I recently returned from a trip to Heifer International’s Ranch in Perryville, Arkansas as part of my experimental new course called Real World Survivor: Experiencing Poverty through Heifer Ranch. After learning about the issues captured by the UN Millennium Development Goals, we–14 college students, 6 local high school students and 8 assorted faculty and staff–headed to Heifer to live in their Global Village for a three day simulation on hunger and poverty. The upper level course is team taught by myself, a philosopher, and an education professor and is the prototype for the interdisciplinary keystone courses that will cap our new general education program.
There are so many things I want to comment on now that we are more than halfway through the class: How fascinating, enriching and frustrating it is to team-teach with two other faculty, especially with an entire university community watching. The benefits of working in an environment where courses like this can be developed and put into action in less than a year, coupled with the aggravations of getting paid very little for a lot of work. The challenge of trying to intentionally incorporate six different skills into the course assignments and assessments. Handling the differing expectations of teachers and students, where the teachers see the course as New, Innovative, and Fundamentally Crucial to the University’s Mission, and the students see it as ‘that class I have on Wednesday evening.’ The new research questions about community development and experiential learning that are running rampant in my head. The joys of watching students handle living in hunger and poverty for three days and come out the other side stronger as individuals and a community–at least for now. And most importantly: how I managed to sleep on the abandoned school bus rife with hornet nests that served as my ‘home’ during the simulation.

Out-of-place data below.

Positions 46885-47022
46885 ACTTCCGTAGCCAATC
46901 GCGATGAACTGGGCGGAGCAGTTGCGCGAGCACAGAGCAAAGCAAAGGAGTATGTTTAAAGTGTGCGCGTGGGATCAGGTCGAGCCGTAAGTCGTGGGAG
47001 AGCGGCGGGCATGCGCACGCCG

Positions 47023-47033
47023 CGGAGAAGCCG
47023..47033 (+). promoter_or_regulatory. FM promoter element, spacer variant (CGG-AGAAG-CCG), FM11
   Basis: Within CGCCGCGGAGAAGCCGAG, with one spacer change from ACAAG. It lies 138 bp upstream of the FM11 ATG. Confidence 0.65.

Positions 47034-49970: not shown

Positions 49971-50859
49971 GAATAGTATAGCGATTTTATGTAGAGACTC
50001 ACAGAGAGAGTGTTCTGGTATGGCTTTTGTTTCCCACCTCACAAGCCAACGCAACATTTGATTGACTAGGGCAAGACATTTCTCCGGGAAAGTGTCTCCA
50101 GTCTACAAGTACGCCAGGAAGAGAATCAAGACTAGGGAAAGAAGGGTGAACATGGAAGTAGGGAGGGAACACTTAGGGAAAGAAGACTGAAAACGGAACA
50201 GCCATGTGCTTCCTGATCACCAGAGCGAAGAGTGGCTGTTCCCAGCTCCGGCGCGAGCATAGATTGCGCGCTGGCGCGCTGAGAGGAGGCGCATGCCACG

In the coming weeks I plan to comment on all of the above as I think my experience with this course really illustrates the challenges and benefits of building an entire course around active learning principles.